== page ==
Some days, it all gets a little too heavy.

palm wind

A few years ago, during the intense week that followed the Boston Marathon Bombing, I wrote about the heaviness and pain in the world. I wrote about the Aurora Shooting and Sandy Hook and the Boston bombing all in one and summed it up that the world needed Jesus and one day it would make sense. I summed it up so nicely. 

And today, I believe those same things. I believe that Jesus is the redeemer. That He is coming back and that all of the tragedy we see in the world is a consequence of sin. I believe it maybe even more than I did when I keyed those words on a page on my Macbook Pro. And I’m a thousand times eternally grateful that we won’t always live here. That there’s a better place waiting. That the weight won’t be heavy anymore.

But sometimes, I stumble into a real glimpse of the pain that there is walking all over our world. It happens on the most seemingly innocuous days. When life is trotting along and things are going pretty good in my world, I get slapped in the face with the reality of sin and evil all around. Get reminded that it’s probably not going away anytime soon, without the second coming of our King, anyway.

I had dinner last week with the founder of one of our Dot partners, and he told me the story of Congo. The long and exhausting history of one group after another taking over and claiming a people group as their own. Claiming people as their property. And he told me his perspective of how the world had responded. And his perspective marred by the memories of gunshots and bombings and fleeing as far as his family could go until they couldn’t go any further and they just came home. And I realized, with my Coach purse in my hands and my Lucky jeans on my legs, that I didn’t know what it was to face that kind of suffering. That maybe no upper-middle class American really did. And the weight of that is heavy.

Nine years ago last month, my family lost our home in the worst natural disaster America had seen in a very long time. We went to Destin for the weekend and ended up staying almost two weeks and came home and everything was different. The city that I had finally fell in love with was different. The friends and people and world. It was all different and I was 15 and the world was supposed to be good. I had been promised it would be good. But it wasn’t good in those days. And we lived in something like twelve different places that first few months after “the storm”. She wasn’t known as anything else, and though we don’t talk about her as much as we once did, she changed our hearts as much as she did our homes. And school didn’t reopen for a month and in that time people were scattered across the country, some with lost jobs and shaken nerves not returning, settling somewhere that they could feel a little more safe somehow. Knowing the coast would somehow never be the same.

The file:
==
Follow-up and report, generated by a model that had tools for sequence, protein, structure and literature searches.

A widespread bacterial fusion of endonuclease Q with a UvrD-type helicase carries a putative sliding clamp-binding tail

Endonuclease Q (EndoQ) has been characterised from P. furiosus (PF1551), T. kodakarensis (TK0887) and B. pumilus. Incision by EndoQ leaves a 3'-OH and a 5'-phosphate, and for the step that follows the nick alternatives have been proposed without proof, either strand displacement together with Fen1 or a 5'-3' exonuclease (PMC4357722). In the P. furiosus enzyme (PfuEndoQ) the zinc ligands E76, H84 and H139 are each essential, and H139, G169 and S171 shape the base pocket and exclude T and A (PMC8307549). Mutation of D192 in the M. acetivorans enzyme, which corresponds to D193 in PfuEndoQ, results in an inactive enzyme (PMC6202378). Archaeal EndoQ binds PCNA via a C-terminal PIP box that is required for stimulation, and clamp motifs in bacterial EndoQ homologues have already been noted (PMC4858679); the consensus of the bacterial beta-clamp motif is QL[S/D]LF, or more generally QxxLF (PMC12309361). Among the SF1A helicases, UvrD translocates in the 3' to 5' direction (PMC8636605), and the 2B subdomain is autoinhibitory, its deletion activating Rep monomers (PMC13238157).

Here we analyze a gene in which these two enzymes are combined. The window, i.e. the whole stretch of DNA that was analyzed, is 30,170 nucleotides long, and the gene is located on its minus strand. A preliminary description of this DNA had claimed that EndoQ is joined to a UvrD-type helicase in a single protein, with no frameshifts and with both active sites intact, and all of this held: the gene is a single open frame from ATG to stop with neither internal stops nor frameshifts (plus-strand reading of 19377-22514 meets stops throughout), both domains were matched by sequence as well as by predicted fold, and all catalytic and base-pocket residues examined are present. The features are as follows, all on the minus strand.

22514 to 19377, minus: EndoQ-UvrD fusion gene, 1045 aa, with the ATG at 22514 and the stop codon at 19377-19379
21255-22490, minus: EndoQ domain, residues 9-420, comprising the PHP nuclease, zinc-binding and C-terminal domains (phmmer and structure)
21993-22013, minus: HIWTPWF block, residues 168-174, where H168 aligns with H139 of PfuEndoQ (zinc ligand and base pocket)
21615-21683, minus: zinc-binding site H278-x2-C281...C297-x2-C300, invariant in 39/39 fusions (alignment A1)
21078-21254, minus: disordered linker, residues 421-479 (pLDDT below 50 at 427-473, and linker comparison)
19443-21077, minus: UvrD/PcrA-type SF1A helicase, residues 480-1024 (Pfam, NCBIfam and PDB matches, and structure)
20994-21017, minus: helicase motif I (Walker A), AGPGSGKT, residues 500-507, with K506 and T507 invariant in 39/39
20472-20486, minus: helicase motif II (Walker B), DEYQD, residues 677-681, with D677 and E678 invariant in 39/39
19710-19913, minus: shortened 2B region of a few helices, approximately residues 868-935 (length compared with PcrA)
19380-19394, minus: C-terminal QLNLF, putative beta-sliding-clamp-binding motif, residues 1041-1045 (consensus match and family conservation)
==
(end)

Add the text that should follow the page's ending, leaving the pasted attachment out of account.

It’s been nine years since that time, and a lot of life in between. High school and college and graduations and weddings and lives even have come and gone. And life is good in so many ways. But life is also hard some days. Because we no longer live in a world where everything is going to be alright. We no longer have the illusion that people are generally good and things work out always. It’s simply not true. And some days it all gets a little too heavy.

In the midst of that reality, I’m learning what it looks like to take each moment for what it is. I’m learning to live in community and love a little bit deeper. I’m learning that the deeper your knowledge of the evil in the world is, the deeper your understanding of your need of a Savior becomes. The more you begin to appreciate His redemption. The more desperate you are to see His Kingdom come. The harder you’re willing to work to bring it to Earth today.

The other day, in a fit of dreaming about what could be, I wrote down a list of just my favorite Jackson-area girls. I stopped at thirty—thirty actual girls that I do life with on a semi-regular basis/have had coffee/dinner with over the past year—and there were probably fifteen that have come to mind since. Two years ago, I wouldn’t have been able to count five. Not because they weren’t there—they have always been exactly where I’ve needed them—but my eyes weren’t open to the beautiful grace that God has given me in the people that He has surrounded me with. My eyes were tightly shut because they were simply afraid of seeing the pain. And there is a lot of pain in each of those relationships. I think if you’re in relationship with anyone, there’s always a sharing of pain. But the more you share, the less there is on one individual. The less weight you find on your own shoulders.